Os-prober doesn't detect other systems on the same SSD

Hello! I have the following setup: I have one Windows 11 partition, one Arch partition and one Manjaro partition on an NVME-slotted SSD, and then some other systems on two older non-NVME drives, as well as a boot and a swap partition. The Manjaro partition is the one I installed the latest and is the one from which the bootloader is installed and configured. When I first installed it, Manjaro recognized both the Arch and the Windows 11 partition, then yesterday I converted the Arch partition from ext4 to btrfs, which seemed to work flawlessly, but when I re-did grub-mkconfig on Manjaro, it wasn’t able to find the Arch system and gave me a strange bug that made me think perhaps the reason for this was that Manjaro wasn’t on btrfs itself. So I converted the Manjaro partition to btrfs as well, which however seemed to break something. Since the Manjaro partition was intended mainly as a reserve system in case Arch breaks and didn’t contain any important data, I just reinstalled it after formatting its partition to btrfs. However, during the installation, os-prober was able to find the older systems I had on other drives and itself, but neither the Arch system nor the Windows 11 one. So I re-installed Manjaro again, this time again on an ext4-system, however, the same occurred. Any ideas for what might cause this? I should note that I am able to boot both into the Arch and the Windows 11 system if I install and configure Grub from Arch through chrooting (but os-prober on Arch doesn’t even find the older systems) or go from the UEFI directly to the Windows bootloader. Any idea what might cause this and how I can avoid it?

Your topic is a wall of words - it feels like listening to a person which talks fast without pauses or breaks - completely gibberish.

The only thing I get is your headline and the last line

  • os prober doesn’t detect other systems
  • any idea what cause this
  • can it be avoided

os prober relies on information on the relevant partition/device - usually /etc/os-release (perhaps I meant lsb-release).

The issue is often caused by not observing how the system was booted. Many firmware contains a default option to boot in BIOS mode if the boot media can do it - but they are incompatible.

Ensure your system firmware only boot in EFI mode.


This is usually a consequence of mixing native UEFI and non-UEFI operating systems on the same drive. You can have native UEFI and non-UEFI operating systems on separate drives, but not on the same drive.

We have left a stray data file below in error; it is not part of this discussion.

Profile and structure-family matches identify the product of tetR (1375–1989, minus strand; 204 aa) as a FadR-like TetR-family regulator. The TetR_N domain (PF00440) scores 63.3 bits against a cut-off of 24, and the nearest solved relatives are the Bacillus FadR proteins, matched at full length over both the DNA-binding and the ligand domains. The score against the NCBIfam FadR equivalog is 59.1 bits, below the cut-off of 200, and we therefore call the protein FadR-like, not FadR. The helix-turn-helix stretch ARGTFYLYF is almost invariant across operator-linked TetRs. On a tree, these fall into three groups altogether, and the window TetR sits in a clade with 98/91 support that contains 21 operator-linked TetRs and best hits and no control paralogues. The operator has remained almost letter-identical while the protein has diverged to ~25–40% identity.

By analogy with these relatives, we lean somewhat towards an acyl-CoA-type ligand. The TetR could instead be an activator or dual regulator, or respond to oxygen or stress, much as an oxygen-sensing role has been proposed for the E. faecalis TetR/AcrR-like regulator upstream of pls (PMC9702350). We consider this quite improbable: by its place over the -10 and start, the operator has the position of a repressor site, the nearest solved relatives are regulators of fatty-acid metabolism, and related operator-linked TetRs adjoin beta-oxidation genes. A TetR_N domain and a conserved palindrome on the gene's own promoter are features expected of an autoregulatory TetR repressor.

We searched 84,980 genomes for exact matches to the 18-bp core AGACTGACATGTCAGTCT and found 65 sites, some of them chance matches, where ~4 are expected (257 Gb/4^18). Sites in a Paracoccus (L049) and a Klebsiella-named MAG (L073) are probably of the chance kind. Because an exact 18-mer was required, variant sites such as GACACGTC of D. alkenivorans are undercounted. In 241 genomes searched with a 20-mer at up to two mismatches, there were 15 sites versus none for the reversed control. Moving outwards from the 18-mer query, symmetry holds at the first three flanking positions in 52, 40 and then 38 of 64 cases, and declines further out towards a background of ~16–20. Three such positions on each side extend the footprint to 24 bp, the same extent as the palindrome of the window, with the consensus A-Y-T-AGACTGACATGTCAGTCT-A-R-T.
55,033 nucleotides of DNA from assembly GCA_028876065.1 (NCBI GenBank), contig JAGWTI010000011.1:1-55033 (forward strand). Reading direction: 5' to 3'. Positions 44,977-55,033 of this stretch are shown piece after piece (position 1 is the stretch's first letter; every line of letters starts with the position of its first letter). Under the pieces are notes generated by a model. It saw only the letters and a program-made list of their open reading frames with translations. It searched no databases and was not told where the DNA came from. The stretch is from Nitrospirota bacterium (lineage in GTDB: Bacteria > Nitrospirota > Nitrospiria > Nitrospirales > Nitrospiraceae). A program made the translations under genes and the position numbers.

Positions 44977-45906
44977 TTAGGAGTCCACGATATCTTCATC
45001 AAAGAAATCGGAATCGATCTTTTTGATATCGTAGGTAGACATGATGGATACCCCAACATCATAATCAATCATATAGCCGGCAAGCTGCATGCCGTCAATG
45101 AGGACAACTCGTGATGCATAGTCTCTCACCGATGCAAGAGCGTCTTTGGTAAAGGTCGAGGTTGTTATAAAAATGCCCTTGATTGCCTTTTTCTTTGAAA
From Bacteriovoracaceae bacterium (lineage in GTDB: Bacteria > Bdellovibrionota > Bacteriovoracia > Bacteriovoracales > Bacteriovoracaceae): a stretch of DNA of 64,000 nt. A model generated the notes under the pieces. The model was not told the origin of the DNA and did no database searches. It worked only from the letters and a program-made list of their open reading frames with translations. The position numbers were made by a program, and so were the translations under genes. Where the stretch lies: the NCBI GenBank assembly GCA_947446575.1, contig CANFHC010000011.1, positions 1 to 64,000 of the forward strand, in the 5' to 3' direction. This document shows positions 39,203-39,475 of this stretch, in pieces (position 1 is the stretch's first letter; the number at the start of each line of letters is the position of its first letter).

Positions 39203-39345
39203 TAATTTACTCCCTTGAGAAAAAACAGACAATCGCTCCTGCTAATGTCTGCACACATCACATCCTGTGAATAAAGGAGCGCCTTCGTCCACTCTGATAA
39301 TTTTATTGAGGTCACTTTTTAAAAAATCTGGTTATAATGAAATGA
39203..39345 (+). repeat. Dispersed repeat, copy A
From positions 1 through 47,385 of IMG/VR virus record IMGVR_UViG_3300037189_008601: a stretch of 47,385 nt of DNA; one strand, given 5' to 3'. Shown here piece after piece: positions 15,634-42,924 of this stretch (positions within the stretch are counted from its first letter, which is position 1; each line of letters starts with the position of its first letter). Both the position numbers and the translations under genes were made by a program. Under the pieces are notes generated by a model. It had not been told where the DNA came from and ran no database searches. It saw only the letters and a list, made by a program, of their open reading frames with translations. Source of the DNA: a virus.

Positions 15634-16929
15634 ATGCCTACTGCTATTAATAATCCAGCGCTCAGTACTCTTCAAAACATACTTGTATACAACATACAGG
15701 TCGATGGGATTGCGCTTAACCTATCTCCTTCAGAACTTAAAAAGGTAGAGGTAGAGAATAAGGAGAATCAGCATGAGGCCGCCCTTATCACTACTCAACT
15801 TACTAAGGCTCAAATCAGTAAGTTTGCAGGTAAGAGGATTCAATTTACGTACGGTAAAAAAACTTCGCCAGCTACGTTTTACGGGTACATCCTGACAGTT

I recall having an issue like this and it ended up being because of timeshift snapshots for some reason.
It MIGHT have had to do with me removing my home from being a subvol to not on btrfs, but I really can’t remember and I never asked about it on any forum, I just figured this out myself so I have no reference :frowning:

Try deleting all your timeshift “backups” (if you have any) and run sudo update-grub, restart and see if that solves it?
You might have to do a sudo mkinitcpio -P before update-grub, can’t remember if was needed or not.

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In some cases you’d need to mount your partitions in order for os-prober to recognize them (whether drive is encrypted or etc.). General rule from my experience is that if you can see and read the data in the terminal os-prober will work just fine.
Here is a similar question / solution recently - Boot into systemd-boot alongside grub

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Apart from what already has been said, you can check the system logs after running os-prober. It logs a lot of information about what is doing and why it uses some partition or not:

journalctl -e

(You can move with cursor keys and with PgUp, pgDown. Letter q to quit)

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Sorry for not replying earlier! All systems on that drive should be native UEFI, but I’ll try to find out if this is indeed the case. I’ll also try again after deleting all snapshots and after mounting all partitions. If none of this works, I’ll look at the logs and if I can’t find anything useful in them.